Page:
Fourth is the apologetics Jesus.
Another trap active, blog-reading, Church-defending Catholics can easily fall into is reducing Jesus to the master key to apologetics: the figure who makes our arguments make sense.
He often doesn’t start out that way. We discover apologetics, realize our faith is not absurd, and it straightens out our lives and gets us back into a relationship with God for a time. The problem happens when we stop there. Our relationship has to progress from, “I finally ‘get’ Jesus. He shows how the Church is right and the world is wrong!” to “Jesus is true, and beautiful, and mysterious, and the world and I both need to struggle to understand him better.”
Ultimately, the apologetics Jesus is not that different from the “historical Jesus” that skeptics like to speculate about: He is an object of human scholarship, a fascinating but remote figure of our intellect.
The fifth Jesus is Mary’s son — and God the Son.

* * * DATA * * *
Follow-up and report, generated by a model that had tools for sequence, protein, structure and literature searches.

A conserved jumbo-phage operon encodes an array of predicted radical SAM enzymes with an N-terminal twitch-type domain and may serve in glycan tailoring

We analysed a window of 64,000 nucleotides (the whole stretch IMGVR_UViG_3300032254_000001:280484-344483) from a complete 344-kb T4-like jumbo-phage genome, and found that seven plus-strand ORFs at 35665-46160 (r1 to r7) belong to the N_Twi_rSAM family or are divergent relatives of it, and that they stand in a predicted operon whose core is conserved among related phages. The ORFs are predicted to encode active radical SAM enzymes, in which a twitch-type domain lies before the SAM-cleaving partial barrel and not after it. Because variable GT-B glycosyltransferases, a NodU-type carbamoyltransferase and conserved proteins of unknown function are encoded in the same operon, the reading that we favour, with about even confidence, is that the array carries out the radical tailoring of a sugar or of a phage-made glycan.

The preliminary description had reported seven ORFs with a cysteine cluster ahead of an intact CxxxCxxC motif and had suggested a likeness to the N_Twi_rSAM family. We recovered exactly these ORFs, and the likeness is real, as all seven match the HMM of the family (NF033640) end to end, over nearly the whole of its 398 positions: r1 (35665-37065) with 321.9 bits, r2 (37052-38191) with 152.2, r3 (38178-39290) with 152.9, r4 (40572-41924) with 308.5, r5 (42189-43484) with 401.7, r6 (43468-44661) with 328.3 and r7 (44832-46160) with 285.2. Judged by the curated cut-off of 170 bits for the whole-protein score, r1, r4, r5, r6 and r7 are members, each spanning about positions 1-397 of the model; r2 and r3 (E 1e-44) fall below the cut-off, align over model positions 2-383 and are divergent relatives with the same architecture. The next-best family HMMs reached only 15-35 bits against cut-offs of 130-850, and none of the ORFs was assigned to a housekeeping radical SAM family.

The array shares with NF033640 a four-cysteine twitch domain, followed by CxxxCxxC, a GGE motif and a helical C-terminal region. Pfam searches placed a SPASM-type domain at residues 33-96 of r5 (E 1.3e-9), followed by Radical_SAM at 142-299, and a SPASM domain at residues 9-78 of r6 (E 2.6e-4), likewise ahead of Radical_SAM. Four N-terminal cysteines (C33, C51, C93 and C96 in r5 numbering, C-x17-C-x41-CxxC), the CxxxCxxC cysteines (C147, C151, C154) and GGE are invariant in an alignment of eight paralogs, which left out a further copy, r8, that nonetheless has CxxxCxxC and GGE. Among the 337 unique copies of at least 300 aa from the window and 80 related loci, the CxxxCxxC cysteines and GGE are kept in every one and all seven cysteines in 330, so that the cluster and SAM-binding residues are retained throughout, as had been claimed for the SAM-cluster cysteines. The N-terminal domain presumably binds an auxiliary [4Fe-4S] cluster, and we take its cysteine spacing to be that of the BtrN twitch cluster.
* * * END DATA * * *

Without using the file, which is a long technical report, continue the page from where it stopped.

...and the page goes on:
How to avoid the misunderstandings? Alas, I won’t be able to sum up the real Jesus in a few sentences, but in his January 1 homily Pope Francis gave a key: “Our faith is not an abstract doctrine or philosophy, but a vital and full relationship with a person: Jesus Christ,” the real God who really shared in our humanity and really does stay with us in the sacraments.
The truth is, my misunderstandings about Jesus are not that different from my misunderstandings about other people in my life. I tend to vilify, romanticize or dismiss my wife at various points in our relationship, too, before remembering that she is flesh and blood. The best way to correct my understanding of my wife is to spend more time with her – talking to her and listening. So it is with Jesus.
The problem with all of these misunderstandings is that they make Jesus a means to an end, rather than an end in himself. We will never understand the real Jesus until we meet him where he can be found: in the Scriptures, in the tabernacle, in the confessional, in the community of believers, and in the teachings of the Church.
Tom Hoopes is writer in residence at Benedictine College in Atchison, Kansas.